What’s the big picture on the carbon tax?

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by Colin Creasey

If it wasn’t bad enough that the Ford government reveals the shallowness of its thinking with a budget that focuses on booze, gambling, and tailgating, it now adds insult to injury by spending millions of dollars of taxpayer money on political advertizing regarding the Federal carbon tax. I guess that’s what Ford thinks is what his supporters want, but by not telling them about the tax credit, he is doing them a disservice.

Regarding the carbon tax on gasoline, I assume that there must be a few people around who have looked at their tax return this year, and have noticed the carbon tax credit. Mine was $231.

The Federal carbon tax on gas was 4.4 cents a litre. My tax credit of $231 would cover the extra cost of over 5,200 litres of gas. At 8 litres/100 km., I could drive 65,000 km. before using up this credit. As I only drive one third of that, I am way ahead financially. I understand that the cost of other things may go up, depending on how far away the supply source is, but if you buy locally, which is good for our community, then any rise in cost would be barely noticeable. So what is all the fuss? The answer to that is that this is all a distraction, meant to deflect attention from the cuts Ford is doing that really matter to the people of this province.

As an additional distraction, we now have this government dictating to business owners about displaying carbon tax stickers on their pumps, indicating how much of what we pay for a litre of gas is the carbon tax, and threatening fines of up to $10,000 if the station owners don’t comply by displaying these stickers.

This is all a thinly veiled attempt to get Andrew Scheer elected, by constantly reminding people about the Federal carbon tax. This is simply partisan politics, which should be paid for by the Conservative Party, not the taxpayers of Ontario.

So, how much more is the taxpayer on the hook to enforce this stupidity? It’s bad enough that Ford is spending $30 million of taxpayer money on a court challenge regarding the Federal carbon tax; a fight that, from all accounts, he is likely to lose; so now the taxpayer is again on the hook for untold $millions of our tax money for an advertising campaign on TV and radio against the Federal carbon tax.

Ontarians are experiencing cuts to essential services and social supports, the list of which grows longer with every passing day. The Doug Ford government’s justification for service cuts, funding reductions, and policies that restrict access to services is always the same; Ontario is in a financial crisis. A big, scary financial crisis that must be addressed at any and all costs, even if the cost is long term harm to Ontarians.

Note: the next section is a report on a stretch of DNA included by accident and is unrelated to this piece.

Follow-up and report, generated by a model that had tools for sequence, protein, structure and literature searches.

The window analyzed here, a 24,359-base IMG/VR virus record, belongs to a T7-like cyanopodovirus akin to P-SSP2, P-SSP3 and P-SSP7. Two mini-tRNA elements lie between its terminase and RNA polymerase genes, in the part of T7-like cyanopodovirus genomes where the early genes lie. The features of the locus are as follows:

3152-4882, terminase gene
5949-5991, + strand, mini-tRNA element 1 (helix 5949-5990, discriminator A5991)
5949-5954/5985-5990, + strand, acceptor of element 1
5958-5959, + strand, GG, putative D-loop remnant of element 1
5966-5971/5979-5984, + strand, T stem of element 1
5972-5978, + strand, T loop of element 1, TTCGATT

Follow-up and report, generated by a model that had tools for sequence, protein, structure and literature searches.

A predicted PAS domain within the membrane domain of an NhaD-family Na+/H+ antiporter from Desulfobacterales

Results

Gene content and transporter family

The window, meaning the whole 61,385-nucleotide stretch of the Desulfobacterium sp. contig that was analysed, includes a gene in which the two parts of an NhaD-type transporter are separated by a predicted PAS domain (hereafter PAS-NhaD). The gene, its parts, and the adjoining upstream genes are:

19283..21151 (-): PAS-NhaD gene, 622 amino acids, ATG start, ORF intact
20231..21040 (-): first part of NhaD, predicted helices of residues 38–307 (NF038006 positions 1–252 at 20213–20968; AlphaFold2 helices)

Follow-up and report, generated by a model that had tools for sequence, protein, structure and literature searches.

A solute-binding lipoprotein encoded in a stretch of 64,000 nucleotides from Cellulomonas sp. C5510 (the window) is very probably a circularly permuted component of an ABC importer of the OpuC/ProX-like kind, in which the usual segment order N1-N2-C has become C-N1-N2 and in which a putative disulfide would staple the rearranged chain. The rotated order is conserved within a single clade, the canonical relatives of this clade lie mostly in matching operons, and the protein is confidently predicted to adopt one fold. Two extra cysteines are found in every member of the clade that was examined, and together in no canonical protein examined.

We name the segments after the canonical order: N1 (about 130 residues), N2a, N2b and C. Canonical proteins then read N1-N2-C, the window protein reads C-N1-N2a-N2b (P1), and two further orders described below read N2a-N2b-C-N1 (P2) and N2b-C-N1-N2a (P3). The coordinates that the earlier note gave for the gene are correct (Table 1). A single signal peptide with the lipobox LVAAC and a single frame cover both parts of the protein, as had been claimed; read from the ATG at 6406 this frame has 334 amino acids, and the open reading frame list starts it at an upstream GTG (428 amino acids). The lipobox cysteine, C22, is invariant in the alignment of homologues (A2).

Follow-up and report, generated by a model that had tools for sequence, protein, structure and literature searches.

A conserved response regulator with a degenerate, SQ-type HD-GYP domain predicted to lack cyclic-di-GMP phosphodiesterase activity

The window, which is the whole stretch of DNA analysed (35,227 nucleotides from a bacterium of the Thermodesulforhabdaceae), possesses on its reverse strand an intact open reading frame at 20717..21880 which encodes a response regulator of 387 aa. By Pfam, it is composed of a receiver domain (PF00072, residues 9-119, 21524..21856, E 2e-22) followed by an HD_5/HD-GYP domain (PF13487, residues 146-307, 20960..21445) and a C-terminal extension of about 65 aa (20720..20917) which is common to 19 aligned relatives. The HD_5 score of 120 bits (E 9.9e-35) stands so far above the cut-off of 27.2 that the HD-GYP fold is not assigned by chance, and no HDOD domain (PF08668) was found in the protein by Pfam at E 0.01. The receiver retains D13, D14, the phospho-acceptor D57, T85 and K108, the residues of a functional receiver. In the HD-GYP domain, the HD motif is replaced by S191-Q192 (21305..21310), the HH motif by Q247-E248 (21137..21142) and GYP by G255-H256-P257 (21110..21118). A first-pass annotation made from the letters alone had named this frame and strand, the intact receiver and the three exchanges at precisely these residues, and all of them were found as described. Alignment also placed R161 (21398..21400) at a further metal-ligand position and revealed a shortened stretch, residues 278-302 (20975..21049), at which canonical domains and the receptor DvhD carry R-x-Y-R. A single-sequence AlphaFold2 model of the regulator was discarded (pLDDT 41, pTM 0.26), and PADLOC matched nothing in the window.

The Ford government has used misleading indicators to present deficit and debt trends in the outlook, making them look worse than they really are. Then there’s the old trick of disingenuously comparing public with household debt, one of this government’s favourites.

Individuals and families manage debt over a single lifecycle. It’s prudent for them to take on debt early in that cycle to pay for education or to purchase a home. Later on, ideally, they will move from borrowing to saving for retirement. Governments do not face the same lifecycle restraints. In fact, they have a responsibility to continue borrowing and investing for future generations. Each generation of taxpayers takes on some of the cost for providing services to previous generations, as well as their own and future generations. Quite a different scenario from household debt.

The current Ontario government is using financial fear mongering as cover for an agenda to privatize public services and reduce the role of government. It is driven by pure ideology, and does not care in the slightest about the impact of its policies on future generations, particularly regarding climate change, probably the biggest threat ever to all living things on this planet. All we get from Ford and his trained seals of a caucus on this is a scorched earth policy toward global warming.

I often wonder if all of those people who voted for Ford and his cronies are happy with what is going on. I know that, for many of them, it is pretty much all about money in their pockets, and not much else. I have found that they are reluctant to discuss why they are conservatives. Life is a constant for them, and, while they notice that the world is changing around them, they still yearn for the “good old days”, expecting that if they keep voting the same old way, then the “good old days” will return.

I think it safe to say that ship has sailed. Changing times mean changing priorities. We need to keep looking at the big picture, otherwise we will keep going through this same old turmoil over and over again.

2 COMMENTS

  1. With a title like ‘the Big picture’ you sure only show the minimal short term impact of this tax and only one on item.

    Thanks to Mr Ford’s chart the smarter consumer knows that in 4 years the tax will add $0.11 to a litre which mean your $231 rebate will only cover the first 2,100 lts or about 26,000 km of your annual travel..the rest of the millage you drive will be out of your pocket. A great deal of people here in Kemptville are commuters for work and this tax will hit their pocket book.

    Not to mention how this much this additional tax is going to raise the cost to heat your homes if you use oil or propane.

    And in sight of the ‘big picture’ don’t forget all the additional costs for products that will be manufactured and shipped in this province.

    There is a reason that the Liberal Government in 5 provinces have been kicked to the curb…smarter taxpayers aren’t buying their crap anymore.

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